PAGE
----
Edina parents will have the chance to feel what it’s like to have dyslexia at an event next week meant to simulate the learning disability.

The Dyslexia Parent Alliance-Edina is organizing the free event, which will consist of several stations meant to mimic the experiences that accompany the condition, which, according to the International Dyslexia Association, is characterized by difficulties in word recognition, poor spelling and a deficit in the phonological component of language.

The event, scheduled for Tuesday, Oct. 8, takes place during what advocates have declared Dyslexia Awareness Month.

“The idea is really to develop empathy for what a child or adult with these learning disabilities experiences sitting in a classroom,” said Nicole Danielson, a member of the Dyslexia Parent Alliance and an organizer of the upcoming event.

The International Dyslexia Association is providing the simulation, called “Experience Dyslexia,” which will put participants through a series of stations mimicking the learning disability.

Meant to represent a severe case of dyslexia, the activities aim to elicit the frustration that those with the disability encounter in their daily lives.

Danielson went through the simulation this past summer. “You just really come away from it with a good grasp of how exhausting it must feel, she said. “As a neurotypical adult, I was exhausted.”

Indeed, the dyslexia association’s description of the exercise notes it’s designed to be stressful and that “participants may become fatigued and even emotional.”

It’s a set of conditions experienced by as many as 15-20% of the population, according to the International Dyslexia Association.

The Dyslexia Parent Alliance-Edina consists of approximately 200 members, advocating for Edina Public Schools to become a “dyslexia smart” district. “We are here as a community support group for families who have students who are dyslexic,” Danielson said.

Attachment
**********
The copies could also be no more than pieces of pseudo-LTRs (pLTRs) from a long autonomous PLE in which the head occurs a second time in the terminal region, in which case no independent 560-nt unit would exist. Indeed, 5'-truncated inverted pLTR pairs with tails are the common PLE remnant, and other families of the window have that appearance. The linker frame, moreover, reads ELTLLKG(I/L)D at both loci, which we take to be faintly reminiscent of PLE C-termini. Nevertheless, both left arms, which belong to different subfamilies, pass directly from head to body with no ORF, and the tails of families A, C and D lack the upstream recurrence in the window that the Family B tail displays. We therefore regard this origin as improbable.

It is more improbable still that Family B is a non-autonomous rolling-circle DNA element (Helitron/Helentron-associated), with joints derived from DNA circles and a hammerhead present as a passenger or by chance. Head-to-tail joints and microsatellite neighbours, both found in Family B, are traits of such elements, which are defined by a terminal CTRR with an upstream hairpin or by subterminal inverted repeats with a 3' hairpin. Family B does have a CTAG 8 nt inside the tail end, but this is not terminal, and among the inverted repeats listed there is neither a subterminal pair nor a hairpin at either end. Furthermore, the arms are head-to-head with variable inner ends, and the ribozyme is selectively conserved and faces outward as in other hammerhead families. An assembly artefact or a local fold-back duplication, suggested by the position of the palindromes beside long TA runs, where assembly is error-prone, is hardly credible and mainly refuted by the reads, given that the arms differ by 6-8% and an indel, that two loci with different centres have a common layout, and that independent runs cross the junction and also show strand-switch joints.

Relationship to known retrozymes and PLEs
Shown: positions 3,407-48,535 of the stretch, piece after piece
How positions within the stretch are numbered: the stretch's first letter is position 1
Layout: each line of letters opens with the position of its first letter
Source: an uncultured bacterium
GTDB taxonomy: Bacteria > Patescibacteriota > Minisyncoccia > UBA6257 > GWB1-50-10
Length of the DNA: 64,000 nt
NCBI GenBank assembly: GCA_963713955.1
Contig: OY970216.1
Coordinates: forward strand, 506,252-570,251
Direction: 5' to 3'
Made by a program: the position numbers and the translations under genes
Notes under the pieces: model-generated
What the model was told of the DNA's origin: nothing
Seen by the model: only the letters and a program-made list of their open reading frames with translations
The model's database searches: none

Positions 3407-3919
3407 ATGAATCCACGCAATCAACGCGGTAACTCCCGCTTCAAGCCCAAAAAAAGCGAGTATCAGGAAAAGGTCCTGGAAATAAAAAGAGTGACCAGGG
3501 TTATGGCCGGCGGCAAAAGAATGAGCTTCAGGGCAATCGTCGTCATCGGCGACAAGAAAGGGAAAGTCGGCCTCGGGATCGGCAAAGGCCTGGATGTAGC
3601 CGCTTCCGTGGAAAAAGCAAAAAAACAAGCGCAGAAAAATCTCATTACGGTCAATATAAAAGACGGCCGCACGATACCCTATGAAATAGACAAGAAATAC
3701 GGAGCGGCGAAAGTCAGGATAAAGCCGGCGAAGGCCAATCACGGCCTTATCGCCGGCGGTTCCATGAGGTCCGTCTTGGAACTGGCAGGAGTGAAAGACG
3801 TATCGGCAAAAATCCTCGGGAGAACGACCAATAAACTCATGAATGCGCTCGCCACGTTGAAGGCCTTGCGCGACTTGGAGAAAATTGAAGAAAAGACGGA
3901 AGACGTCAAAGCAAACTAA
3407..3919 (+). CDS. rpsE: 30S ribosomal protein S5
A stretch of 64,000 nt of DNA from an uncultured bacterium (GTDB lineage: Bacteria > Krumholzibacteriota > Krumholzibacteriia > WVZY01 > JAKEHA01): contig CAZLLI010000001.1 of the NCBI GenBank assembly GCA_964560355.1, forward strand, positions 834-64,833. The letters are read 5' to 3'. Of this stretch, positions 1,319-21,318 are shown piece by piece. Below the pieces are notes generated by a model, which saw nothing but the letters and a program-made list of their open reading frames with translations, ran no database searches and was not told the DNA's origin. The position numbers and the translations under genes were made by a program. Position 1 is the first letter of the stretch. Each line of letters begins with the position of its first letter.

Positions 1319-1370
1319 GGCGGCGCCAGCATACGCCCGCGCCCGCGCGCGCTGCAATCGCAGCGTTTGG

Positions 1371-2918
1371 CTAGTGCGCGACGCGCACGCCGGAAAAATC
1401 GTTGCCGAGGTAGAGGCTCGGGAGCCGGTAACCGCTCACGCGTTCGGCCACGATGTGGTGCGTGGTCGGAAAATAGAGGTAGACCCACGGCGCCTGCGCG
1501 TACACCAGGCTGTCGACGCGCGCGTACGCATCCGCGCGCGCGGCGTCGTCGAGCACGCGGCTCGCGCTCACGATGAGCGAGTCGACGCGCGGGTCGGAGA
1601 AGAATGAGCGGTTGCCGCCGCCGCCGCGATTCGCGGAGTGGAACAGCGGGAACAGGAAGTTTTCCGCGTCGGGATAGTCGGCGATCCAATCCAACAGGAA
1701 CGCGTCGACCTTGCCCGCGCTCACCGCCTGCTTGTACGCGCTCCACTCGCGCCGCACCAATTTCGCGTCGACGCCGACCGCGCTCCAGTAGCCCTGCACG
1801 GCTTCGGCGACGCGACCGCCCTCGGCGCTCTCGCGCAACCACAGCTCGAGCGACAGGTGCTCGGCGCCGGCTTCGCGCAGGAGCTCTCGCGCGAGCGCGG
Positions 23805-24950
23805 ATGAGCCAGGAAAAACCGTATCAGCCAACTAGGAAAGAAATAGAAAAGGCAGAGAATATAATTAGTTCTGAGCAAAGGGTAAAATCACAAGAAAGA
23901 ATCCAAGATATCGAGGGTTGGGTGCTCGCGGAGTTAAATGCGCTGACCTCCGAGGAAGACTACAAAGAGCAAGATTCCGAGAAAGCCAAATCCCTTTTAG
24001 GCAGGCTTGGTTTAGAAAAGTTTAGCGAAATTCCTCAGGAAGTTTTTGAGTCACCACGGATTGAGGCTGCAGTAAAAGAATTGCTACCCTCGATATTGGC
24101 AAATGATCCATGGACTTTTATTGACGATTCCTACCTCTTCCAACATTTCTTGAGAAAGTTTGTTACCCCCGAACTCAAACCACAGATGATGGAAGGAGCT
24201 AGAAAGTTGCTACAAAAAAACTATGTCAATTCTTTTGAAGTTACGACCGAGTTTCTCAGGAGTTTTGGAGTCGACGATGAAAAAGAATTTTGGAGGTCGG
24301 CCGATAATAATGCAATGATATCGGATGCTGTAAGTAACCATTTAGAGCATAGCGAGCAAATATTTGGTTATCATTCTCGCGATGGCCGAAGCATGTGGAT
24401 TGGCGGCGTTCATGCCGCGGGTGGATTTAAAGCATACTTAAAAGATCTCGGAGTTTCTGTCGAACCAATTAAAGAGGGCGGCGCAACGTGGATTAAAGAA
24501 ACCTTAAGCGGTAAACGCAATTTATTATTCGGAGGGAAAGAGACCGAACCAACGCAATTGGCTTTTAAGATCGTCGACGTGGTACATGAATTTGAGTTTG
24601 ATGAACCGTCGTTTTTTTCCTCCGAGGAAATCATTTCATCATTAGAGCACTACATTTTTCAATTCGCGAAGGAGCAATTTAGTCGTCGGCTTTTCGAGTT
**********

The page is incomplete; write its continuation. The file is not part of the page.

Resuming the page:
With a child who was diagnosed with dyslexia as a first-grader, she adds that early intervention is key.

“Dyslexic kids can learn to read and become very successful students and adults if given the proper intervention,” Danielson said.

When her child was diagnosed, “for us at the time, it was almost a relief, because it gave us answers to so many questions,” she added.

But Danielson continued, “it just felt like it was harder than it should be.”

She noted that her child receives outside tutoring related to dyslexia twice a week but laments that not all families can pay for such intervention.

“Some people call dyslexia a diagnosis of privilege,” Danielson said. “There’s concern amongst our group members of, ‘What about those families that aren’t able to provide those resources?’”

The mother of two said that for her family, addressing dyslexia “just felt like it was harder than it should be.”

Through the district’s communications office, the Sun Current attempted to reach Edina Schools’ student support services department, but that request went unfulfilled.

However, a summary of the district’s dyslexia-related efforts is provided on its website. It notes that the district is in compliance with state law, passed in 2019 and effective July 1, 2020, that requires certain screening efforts.

The statute states, “Students identified as not reading at grade level by the end of kindergarten, grade 1, and grade 2 must be screened, in a locally determined manner, for characteristics of dyslexia.”

The district does not formally diagnose the condition but has learning specialists, special education teachers and some classroom teachers who are trained in Orton Gillingham multisensory principals, a widely accepted approach for dyslexia intervention.

Among its efforts to address dyslexia, the district also employs “leveled literacy interventions” consisting of small groups of students who need extra supports, according to Edina Schools’ website.

– Follow Andrew Wig on Twitter @EdinaSunCurrent

Experience Dyslexia: A Learning Difference Simulation

Where: Interlachen Country Club, 6200 Interlachen Blvd., Edina

When: 6-8:30 p.m. Oct. 8

Details: Free event, register at tinyurl.com/y4bffe82 for more info

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